When a thief uses a victim’s unique identifying information to commit fraud or other crimes in the victim’s name, it is commonly referred to as identity theft. The Federal Trade Commission
estimates that 9 million Americans are victims of identity theft each year. Identity thieves have varying motives, and they target all types of people—not only those with lots of money and good credit. Many victims of identity theft don’t realize they’ve been affected by this crime for months or even years after the fraud occurred. They find out when they’re suddenly being harassed by a collection agency or declined for a new line of credit. Being proactive about securing your information, online and off, is the best strategy for avoiding identity theft. Here are some critical steps to help protect yourself and your identity.
Don’t need it? Leave it at home. 44 percent of identity theft cases happen when a person’s wallet or purse is lost or stolen. Secure your identity by keeping your purse and wallet in a safe place and carrying only essentials when you go out. Leave credit cards you will not be using at home in a secure place. Unless it’s necessary, avoid carrying Social Security cards, birth certificates or passports as they contain sensitive personal information thieves could use to steal your identity.
Protect your sensitive documents. Never put checks, bill payments or financial information in your unlocked home mailbox. If you need to send out sensitive documents, don’t risk it…send them from the post office or a secure postal mailbox. Be sure to shred old bills and financial records that contain personal information. Set up automatic payments and go paperless. It’s 2016, and most if not all financial institutions offer some form of automatic bill payment – which allows your monthly bill payments to be withdrawn automatically from your checking or savings account. This helps combat identity theft by removing another paper source that contains your private information. Thieves will go through your trash looking for bills, bank statements, receipts and other documents. This method of stealing sensitive information is commonly referred to as “dumpster diving”.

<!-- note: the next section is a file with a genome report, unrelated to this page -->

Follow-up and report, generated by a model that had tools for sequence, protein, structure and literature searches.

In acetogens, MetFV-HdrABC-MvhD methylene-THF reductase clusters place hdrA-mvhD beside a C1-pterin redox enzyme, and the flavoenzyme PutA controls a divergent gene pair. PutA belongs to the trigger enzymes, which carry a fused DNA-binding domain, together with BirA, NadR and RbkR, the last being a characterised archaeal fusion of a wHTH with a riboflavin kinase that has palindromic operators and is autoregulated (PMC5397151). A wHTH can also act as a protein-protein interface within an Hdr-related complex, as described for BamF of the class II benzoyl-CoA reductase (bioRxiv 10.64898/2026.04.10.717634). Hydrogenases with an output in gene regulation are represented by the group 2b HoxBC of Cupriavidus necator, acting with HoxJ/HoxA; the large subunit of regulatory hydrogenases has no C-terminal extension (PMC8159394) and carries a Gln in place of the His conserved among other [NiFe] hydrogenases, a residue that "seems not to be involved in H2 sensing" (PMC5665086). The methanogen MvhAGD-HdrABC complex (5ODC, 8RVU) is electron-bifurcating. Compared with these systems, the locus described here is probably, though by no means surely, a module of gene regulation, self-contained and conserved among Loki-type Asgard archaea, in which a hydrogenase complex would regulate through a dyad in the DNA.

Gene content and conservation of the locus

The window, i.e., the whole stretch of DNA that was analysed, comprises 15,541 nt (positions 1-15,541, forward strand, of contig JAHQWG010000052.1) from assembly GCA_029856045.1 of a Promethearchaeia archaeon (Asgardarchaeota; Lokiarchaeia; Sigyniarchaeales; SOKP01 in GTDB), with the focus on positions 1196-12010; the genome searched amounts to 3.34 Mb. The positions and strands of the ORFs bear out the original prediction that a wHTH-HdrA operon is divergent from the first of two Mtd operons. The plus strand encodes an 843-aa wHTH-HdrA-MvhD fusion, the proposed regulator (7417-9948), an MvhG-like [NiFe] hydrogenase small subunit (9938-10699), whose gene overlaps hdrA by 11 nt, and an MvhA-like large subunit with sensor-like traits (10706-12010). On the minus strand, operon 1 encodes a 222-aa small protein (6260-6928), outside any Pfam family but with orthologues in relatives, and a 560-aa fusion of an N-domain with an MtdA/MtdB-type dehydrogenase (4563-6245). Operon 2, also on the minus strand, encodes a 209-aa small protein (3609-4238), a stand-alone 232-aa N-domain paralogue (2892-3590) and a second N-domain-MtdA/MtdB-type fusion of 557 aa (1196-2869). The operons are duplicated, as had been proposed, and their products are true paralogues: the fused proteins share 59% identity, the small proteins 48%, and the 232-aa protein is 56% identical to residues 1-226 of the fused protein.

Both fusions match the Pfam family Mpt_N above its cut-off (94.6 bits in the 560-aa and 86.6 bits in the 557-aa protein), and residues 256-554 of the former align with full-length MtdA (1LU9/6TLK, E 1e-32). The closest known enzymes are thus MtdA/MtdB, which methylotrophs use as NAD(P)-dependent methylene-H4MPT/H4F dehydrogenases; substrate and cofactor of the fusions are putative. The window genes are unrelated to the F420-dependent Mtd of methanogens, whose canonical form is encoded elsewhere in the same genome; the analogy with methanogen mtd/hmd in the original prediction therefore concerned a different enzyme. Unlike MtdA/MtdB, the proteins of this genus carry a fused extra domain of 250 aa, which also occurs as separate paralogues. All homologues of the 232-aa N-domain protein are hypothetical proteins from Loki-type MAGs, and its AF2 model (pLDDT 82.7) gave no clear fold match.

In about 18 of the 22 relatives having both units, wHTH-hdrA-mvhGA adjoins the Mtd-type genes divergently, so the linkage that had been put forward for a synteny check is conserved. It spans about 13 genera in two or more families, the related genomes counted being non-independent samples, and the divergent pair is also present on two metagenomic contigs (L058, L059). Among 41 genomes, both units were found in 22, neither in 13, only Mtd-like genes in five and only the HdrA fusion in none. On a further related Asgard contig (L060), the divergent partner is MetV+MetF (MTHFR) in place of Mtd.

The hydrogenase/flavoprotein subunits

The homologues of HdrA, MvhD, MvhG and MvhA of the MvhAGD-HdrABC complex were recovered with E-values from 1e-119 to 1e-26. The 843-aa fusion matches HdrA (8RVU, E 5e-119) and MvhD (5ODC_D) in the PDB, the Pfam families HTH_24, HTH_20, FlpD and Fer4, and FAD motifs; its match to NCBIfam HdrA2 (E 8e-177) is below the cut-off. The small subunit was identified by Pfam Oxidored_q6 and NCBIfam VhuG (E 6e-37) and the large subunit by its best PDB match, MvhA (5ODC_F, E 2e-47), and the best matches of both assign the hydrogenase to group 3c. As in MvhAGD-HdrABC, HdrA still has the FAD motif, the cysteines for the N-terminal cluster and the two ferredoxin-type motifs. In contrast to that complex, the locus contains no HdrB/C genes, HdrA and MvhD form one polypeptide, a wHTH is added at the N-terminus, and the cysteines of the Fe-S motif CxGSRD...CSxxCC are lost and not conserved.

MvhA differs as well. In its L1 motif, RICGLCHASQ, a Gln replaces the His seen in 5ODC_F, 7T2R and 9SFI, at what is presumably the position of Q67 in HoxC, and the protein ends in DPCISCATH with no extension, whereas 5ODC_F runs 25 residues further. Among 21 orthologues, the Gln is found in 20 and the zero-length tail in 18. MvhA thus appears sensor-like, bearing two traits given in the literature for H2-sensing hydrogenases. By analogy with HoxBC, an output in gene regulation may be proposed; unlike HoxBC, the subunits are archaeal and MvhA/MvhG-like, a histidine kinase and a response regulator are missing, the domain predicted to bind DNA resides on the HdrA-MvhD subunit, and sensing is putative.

Monitor your credit report regularly.
You are entitled to a free report every year from each of the three bureaus (Equifax
, and TransUnion
). Check your report once every 4 months using a different bureau each time and inquire about anything you see that you don’t recognize. Children can be victims of identity theft, too. The risk is even higher for foster kids and others whose records are in a public system. Since children do not usually use credit, it can take years to realize a child’s Social Security number has been stolen. Once your children approach their teen years, it is a good idea to check their credit reports. Most will have no credit record. If you do find an active credit record, review the items very carefully to ensure all of the information belongs to your child.
Beware of unsecured Wi-Fi. Free Wi-Fi may be convenient to do online banking at a cafe, but criminals have become increasingly skilled at intercepting unsecured Wi-Fi communications. Anyone on that same unsecured network could potentially access your sensitive personal information. Be sure that your home Wi-Fi network is password protected and wait until you get home or to another secured network to do any online banking, bill paying or shopping. Hackers can install malware, software that logs your keystrokes, and other malicious technology that allows them to steal your information without you ever noticing. You can help protect your home computer and mobile devices from these kinds of online attacks by installing anti-virus and firewall protection.
If you happen to fall victim to this crime, the U.S. government has put together a useful guide to recovering from identity theft. The guide is available at www.identitytheft.gov, and walks you through the actions to take, step by step, to secure your information, put a stop to fraudulent charges, and notify stores and credit card companies of the incident.